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Internet Child Safety

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A new law at the statehouse allows prosecution of child predators for possessing child erotica, suggestive nude photos of children.
Investigators say this will help them crack down on a growing problem.

Detective Kevin Murphy with the Berkeley county Sheriff's Office was recently awarded one of four awards nationwide for work to fight internet child abuse.

He said parents think walking in the room to check on their child when online is enough. In one female Lowcountry victim's video, he could see what looked like a mother pop her head in the room and then leave, "everything is okay here. And close the door and the child just picked up where she left off doing the same thing with this individual."

The predator then spread a recording of that video online worldwide as child pornography.
Murphy says there are websites that destroy a photo after just seconds. Some kids don't realize a predator can grab that photo before it disappears to distribute the photo everywhere.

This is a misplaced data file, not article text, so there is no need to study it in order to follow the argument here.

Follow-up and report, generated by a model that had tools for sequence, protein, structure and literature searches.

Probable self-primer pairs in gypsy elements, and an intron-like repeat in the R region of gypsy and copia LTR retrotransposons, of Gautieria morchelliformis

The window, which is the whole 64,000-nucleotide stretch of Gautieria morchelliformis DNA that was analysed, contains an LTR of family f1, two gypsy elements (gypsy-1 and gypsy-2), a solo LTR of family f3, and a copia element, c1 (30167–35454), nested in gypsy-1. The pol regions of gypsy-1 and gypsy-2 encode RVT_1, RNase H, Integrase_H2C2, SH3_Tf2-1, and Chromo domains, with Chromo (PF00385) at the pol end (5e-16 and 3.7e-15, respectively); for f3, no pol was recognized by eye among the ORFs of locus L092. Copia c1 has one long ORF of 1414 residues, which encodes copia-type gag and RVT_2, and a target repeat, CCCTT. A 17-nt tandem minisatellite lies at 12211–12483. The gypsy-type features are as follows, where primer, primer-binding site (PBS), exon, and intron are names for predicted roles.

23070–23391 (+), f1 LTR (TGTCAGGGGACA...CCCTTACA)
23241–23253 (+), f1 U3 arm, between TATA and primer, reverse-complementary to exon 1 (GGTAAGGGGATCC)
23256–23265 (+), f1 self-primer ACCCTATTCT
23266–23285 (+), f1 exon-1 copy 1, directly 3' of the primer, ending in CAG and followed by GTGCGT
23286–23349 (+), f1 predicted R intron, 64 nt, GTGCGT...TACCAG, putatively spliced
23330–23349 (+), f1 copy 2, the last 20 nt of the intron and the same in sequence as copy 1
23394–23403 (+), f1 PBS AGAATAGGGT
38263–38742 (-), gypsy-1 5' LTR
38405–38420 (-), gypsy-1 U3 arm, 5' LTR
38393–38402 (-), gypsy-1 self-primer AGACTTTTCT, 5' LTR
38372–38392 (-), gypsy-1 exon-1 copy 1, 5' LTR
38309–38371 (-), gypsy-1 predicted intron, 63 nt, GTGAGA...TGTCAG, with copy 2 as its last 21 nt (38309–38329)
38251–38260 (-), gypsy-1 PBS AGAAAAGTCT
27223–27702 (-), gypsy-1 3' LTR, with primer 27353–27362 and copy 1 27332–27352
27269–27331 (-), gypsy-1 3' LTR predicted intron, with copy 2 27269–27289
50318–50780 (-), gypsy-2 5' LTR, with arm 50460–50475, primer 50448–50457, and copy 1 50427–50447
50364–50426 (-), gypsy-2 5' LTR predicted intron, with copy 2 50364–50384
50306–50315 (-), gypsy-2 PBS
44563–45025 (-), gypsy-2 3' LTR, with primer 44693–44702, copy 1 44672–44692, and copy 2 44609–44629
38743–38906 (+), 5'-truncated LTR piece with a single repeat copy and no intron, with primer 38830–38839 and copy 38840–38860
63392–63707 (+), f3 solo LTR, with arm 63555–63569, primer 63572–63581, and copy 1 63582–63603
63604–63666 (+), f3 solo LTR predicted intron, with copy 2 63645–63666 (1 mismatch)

There are numerous websites that parents might not even be aware of, "they just randomly connect you with other people who have video cameras. And about every third person on there is a pervert exposing himself."

He says sometimes not just the predator that instigates the crime, but many, many other predators can view these videos live.

He said one lowcountry victim, a young boy, was found on video on a website and, "five or six pages full of IP addresses that connected to this little boy during the course of time he was doing this."

And many photos have geo data stored on them, which tells the predator where the photo was taken. "They can know where the child is, to track the child down."

"Giving your child unrestricted access to the Internet which includes tablets laptops PCs and cellular phones with data capability... to me is just tantamount to dropping them off in the worst city at the worst street corner and just saying to them, 'I'll meet you here at 9 o'clock tomorrow at the same street corner.'"

Murphy suggests several things you can do:
  • Never give your child unrestricted access to the internet.
  • Use settings or software to block out times you want your child to have access to the computer.
  • Buy software that filters certain sites or software from their computer altogether, and allows you to monitor what they viewed.
Because Murphy says if those photos or videos get taken and distributed by criminals, "It doesn't go away. It reproduces faster than rabbits. And it travels as fast as the speed of light. Once it gets out there, you will never get it back. You never, ever get it back."
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